Thursday, November 13, 2003

Job 38, 39: Of Lions and Ostriches

This essay is #47 of an ongoing series on the book of Job. Click here to start at the beginning.

Of Lions and Ostriches

In the first group questions to Job, the Lord focused on the intricacies of the design and workings of the world. In the second group of questions the topic shifts to living things. As with the first group, Job's answers, if he gave them, would repudiate his ability to do what God can.

Do you hunt prey for the lioness, and satisfy the appetite of the lions, when they crouch in their dens, when they wait in ambush in the thicket?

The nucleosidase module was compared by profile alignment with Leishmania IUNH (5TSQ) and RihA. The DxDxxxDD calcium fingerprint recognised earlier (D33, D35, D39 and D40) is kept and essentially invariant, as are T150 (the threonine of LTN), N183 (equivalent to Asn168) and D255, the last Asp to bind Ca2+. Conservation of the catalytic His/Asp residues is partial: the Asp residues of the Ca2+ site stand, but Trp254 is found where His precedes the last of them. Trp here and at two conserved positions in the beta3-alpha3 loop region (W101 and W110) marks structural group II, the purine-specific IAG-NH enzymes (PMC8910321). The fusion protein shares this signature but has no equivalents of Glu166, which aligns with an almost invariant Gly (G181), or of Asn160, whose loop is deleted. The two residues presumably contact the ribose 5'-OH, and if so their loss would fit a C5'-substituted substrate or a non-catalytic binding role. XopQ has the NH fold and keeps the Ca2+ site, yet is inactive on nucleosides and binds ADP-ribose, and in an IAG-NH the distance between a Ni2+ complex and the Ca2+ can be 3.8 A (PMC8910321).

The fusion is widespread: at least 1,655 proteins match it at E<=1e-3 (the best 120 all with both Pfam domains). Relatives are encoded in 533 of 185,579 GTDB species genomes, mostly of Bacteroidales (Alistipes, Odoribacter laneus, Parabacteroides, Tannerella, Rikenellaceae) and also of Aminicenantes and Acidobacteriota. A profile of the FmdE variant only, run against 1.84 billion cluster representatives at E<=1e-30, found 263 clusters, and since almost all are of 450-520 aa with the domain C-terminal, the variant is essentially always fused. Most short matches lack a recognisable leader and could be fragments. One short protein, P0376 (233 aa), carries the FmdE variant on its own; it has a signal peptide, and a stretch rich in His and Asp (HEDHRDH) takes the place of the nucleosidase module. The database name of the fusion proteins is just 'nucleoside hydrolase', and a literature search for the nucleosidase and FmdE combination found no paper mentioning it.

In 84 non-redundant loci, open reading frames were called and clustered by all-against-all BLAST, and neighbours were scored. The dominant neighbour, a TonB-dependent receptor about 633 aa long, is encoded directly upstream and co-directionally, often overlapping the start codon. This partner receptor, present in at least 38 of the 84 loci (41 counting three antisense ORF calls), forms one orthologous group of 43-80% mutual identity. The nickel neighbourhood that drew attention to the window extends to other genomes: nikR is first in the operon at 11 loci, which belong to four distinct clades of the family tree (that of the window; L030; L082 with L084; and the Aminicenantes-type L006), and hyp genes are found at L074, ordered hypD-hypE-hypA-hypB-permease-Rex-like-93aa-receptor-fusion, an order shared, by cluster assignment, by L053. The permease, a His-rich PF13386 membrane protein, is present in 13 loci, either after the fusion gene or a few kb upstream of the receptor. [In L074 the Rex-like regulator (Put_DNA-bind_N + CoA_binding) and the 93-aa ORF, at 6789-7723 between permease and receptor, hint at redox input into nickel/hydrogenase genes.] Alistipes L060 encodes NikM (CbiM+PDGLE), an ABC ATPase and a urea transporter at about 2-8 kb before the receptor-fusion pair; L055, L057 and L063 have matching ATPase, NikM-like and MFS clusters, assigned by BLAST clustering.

Who prepares prey for the raven, when its young cry out to God and wander about for lack of food? 

Are you acquainted with the way the mountain goats give birth? 

Do you watch as the wild deer give birth to their young? Do you count the months they must fulfill, and do you know the time they give birth? They crouch, they bear their young, they bring forth the offspring they have carried. Their young grow strong, and grow up in the open; they go off, and do not return to them. 

Who let the wild donkey go free? Who released the bonds of the donkey, to whom I appointed the steppe for its home, the salt wastes as its dwelling place? It scorns the tumult in the town; it does not hear the shouts of a driver. It ranges the hills as its pasture, and searches after every green plant.